• Jim, I’m actually using Ted/keene like comments as a gauge–the more virulent the comment, the more on-target I feel my comments to be.
    It’s just unfortunate that the Ted/keen like comments clutter up what can be really interesting, thoughtful discussions.

  • Terry Ward

    We would like to ask The Scientists Formerly Known as Farmboys posting here if ‘antibiotics’ fall into the category of ‘Customer Choice’?

  • Brady/Ted/keene/et al, then show me where I’m wrong.
    If I’m wrong about what I write, provide specifics about how I’m wrong. Add links to references to back up what you say. Bring an actual argument, if you have one.
    When you attack the commenter, all you’re doing is demonstrating you have nothing tangible in the way of a counter-argument.
    This grows dull. Moving on. See you, I guess, in the next FSN discussion.

  • Minkpuppy

    Shelley, Doc Raymond is absolutely correct. There are very few antibiotics of human importance used in livestock. The majority used are approved for livestock only.
    Overuse/abuse of antibiotics in human medicine is real. I know people that run to the doctor and demand antibiotics for the common cold. Colds are caused by viruses which are completely unaffected by antibiotics. But doctors prescribe them anyway “just in case” the cold turns into a bacterial infection. The kid (or adult)feels better in a couple of days (which they would anyway since it’s a COLD) so they declare that the antibiotics worked and quit taking them. So next time, they do the same dang thing. They don’t really need the antibiotics–a placebo would probably work as well without setting up a nice little incubator for resistance.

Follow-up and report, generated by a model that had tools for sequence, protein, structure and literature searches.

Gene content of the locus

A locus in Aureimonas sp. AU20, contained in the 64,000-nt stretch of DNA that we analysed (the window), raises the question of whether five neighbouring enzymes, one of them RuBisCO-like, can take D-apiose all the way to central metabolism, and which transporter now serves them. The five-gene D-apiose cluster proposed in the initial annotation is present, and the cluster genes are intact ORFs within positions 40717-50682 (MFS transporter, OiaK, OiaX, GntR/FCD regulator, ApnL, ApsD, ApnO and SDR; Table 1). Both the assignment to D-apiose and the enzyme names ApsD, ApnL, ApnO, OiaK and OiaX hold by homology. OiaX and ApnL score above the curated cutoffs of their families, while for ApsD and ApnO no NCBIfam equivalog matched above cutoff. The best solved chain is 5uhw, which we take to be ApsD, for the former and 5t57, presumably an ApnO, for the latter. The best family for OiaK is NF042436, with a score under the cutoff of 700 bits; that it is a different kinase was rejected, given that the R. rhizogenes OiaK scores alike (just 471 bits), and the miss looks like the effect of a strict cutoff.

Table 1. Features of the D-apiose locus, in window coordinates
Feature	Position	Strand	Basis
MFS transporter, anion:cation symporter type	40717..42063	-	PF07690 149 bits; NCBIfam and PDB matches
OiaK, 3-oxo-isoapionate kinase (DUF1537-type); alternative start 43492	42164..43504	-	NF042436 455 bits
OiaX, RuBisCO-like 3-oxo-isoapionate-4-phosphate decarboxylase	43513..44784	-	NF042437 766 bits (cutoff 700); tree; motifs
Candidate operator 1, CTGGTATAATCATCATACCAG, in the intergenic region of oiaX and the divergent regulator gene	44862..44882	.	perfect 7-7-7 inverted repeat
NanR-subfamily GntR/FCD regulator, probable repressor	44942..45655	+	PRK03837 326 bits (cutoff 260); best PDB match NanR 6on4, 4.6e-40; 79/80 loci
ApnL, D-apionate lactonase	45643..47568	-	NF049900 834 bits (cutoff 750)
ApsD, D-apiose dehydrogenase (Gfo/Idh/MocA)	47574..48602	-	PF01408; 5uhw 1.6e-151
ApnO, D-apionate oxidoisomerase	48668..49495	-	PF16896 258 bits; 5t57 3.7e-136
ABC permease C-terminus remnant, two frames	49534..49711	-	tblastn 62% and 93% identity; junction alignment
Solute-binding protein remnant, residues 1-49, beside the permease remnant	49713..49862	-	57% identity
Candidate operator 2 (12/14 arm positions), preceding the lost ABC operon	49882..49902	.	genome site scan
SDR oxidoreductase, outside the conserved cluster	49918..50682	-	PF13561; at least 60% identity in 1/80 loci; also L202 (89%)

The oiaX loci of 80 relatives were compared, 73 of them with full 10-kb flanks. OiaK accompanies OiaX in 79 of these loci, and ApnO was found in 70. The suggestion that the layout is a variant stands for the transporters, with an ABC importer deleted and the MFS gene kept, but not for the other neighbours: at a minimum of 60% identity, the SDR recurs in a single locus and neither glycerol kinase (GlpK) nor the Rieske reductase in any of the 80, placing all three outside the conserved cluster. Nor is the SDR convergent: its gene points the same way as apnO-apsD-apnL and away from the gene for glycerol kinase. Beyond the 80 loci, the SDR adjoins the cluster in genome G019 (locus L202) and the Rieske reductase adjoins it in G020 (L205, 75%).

I’ve been on levoquin more times than I can count in the last 2 years for sinus infections. Usually, I’m the type that won’t go to the doctor unless I’m running a high fever and half dead so you know it was bad if I went. I hate taking antibiotics. Levoquin is the drug of last resort when z-paks and cipro don’t work anymore. How long before the levoquin quits working for me? I hope I never find out. This dang sinus surgery better fix the dang problem.
    Most strains of MRSA arose out of human medicine and has been passed to livestock. The NT-MRSA strain found in swines is a relatively new thing. It could be a mutated version of the regular old MRSA but until more research is done it would not be prudent to accuse livestock antibiotics. Bacteria are very good at swapping genes and so are viruses. Pigs are typically the mixing vessel for bird flu and human flu so other diseases aren’t a stretch there.